The saga of corporate trials in Italy has been full of suspense. The most recent episode was the Mastella Bill, a draft law issued by the Council of Ministers in March 2007 and now submitted to Parliament. The bill was intended to introduce wide-ranging reforms to the Code of Civil Procedure. Under its terms, the corporate trial - a compulsory form of proceedings designed to expedite corporate litigation - would have become an option to be applied only subject to the approval of all parties. If approved, this would have meant a premature end to the corporate trial. However, the bill was dropped following the end of the Prodi administration in early 2008.

Thus, the corporate trial format remains compulsory for the litigation of certain matters specified by law. Nevertheless, defects in the procedure remain and amendments are still needed. While lawyers await Parliament's next intervention, we review the corporate trial procedure and its story so far.

Introduction Of The Corporate Trial

In 2003 Italy's corporate law regime underwent far-reaching reforms intended to adapt existing regulations to the new needs of companies and other economic operators. With the same aim in mind, the legislature introduced a new type of trial for corporate litigation (ie, the litigation of disputes between corporations or concerning corporate relationships and shareholders' agreements). The new form of proceedings, regulated by Decree 5/2003, entirely replaced ordinary proceedings for the resolution of such matters.

Corporate trials of this sort differ from ordinary proceedings in that the first phase does not involve hearings or the judge. Rather, the parties begin proceedings by exchanging pleadings containing their respective claims and arguments. This exchange of pleadings continues until one of the parties asks the competent court to schedule a hearing for the discussion of the case and the taking of evidence.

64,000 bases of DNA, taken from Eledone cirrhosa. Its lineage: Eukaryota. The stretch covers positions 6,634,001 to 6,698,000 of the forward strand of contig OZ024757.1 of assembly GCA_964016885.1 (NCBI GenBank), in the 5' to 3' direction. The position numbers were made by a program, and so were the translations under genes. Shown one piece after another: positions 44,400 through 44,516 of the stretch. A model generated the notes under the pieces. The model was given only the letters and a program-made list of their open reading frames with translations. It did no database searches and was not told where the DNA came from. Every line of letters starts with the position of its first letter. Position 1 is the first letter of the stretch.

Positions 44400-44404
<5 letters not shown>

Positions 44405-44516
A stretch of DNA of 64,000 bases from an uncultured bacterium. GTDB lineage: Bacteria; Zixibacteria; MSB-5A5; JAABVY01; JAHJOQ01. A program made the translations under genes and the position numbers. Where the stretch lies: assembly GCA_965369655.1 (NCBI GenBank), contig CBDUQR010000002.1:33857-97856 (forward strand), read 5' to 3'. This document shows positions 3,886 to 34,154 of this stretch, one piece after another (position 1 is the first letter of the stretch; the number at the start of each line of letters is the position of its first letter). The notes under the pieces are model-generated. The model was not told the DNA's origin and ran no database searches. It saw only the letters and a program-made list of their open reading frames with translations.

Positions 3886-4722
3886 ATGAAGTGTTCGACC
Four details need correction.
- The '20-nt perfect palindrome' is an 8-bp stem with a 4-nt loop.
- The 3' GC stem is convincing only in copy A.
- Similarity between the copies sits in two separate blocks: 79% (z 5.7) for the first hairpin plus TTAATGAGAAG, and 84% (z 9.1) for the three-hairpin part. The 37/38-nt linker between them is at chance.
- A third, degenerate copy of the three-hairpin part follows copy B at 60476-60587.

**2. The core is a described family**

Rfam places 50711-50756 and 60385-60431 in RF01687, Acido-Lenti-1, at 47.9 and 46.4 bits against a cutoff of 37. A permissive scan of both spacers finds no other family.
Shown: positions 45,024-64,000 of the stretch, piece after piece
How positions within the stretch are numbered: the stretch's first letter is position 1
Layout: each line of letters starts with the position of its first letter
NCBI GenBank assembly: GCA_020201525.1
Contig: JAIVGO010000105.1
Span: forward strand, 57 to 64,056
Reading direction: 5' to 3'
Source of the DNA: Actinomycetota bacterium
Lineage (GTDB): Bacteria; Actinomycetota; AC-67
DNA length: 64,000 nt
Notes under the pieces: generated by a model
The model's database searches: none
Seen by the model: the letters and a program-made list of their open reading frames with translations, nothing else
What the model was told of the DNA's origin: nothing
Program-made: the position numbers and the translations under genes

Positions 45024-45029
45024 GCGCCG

The legislature's intention was to shorten trials and ensure that corporate disputes were resolved quicker than other cases.


After almost four years of Decree 5/2003 being in force, the corporate trial has reduced the average duration of a case.

The exchange of pleadings between the parties has proved an effective mechanism, resolving disputes much more quickly and effectively than the ordinary procedure did. Without hearings, the parties set each other deadlines for pleadings and responses and do not add to the workload of the court system.

The procedural rules for ordinary trials allow parties to file pleadings only after at least one hearing has taken place. In addition, since the Italian courts are overburdened with cases, parties must wait at least 90 days for a first hearing and a further three to six months for a subsequent hearing - an undesirably long period.

In light of this, the legislature decided to extend the applicability of the corporate trial to other matters. In 2005 the law was changed to allow parties to agree unanimously to the use of the corporate trial for all litigation.


For all the benefits arising from the use of the new procedure, the rules of the implementing decree are unclear on certain important issues. In particular, experience has shown that:

  • there is a complete lack of regulation on the grounds on which a writ of summons may be declared null and void;

  • it is unclear how the procedural connection between corporate cases and labour cases works;

  • it is unclear whether a lawyer can serve pleadings on the opposing party's lawyer directly or whether this must be done by a bailiff;

  • the exchange of pleadings works much less effectively in cases involving more than one defendant; and

  • the rules concerning the periods and deadlines for trial are too restrictive for both the parties.


Given the significant defects of the corporate trial, we believe that the new Parliament will have to approve appropriate amendments. However, in view of the corporate trial's benefits, it is to be hoped that the procedure will continue to be compulsory for the litigation of corporate disputes.

The content of this article is intended to provide a general guide to the subject matter. Specialist advice should be sought about your specific circumstances.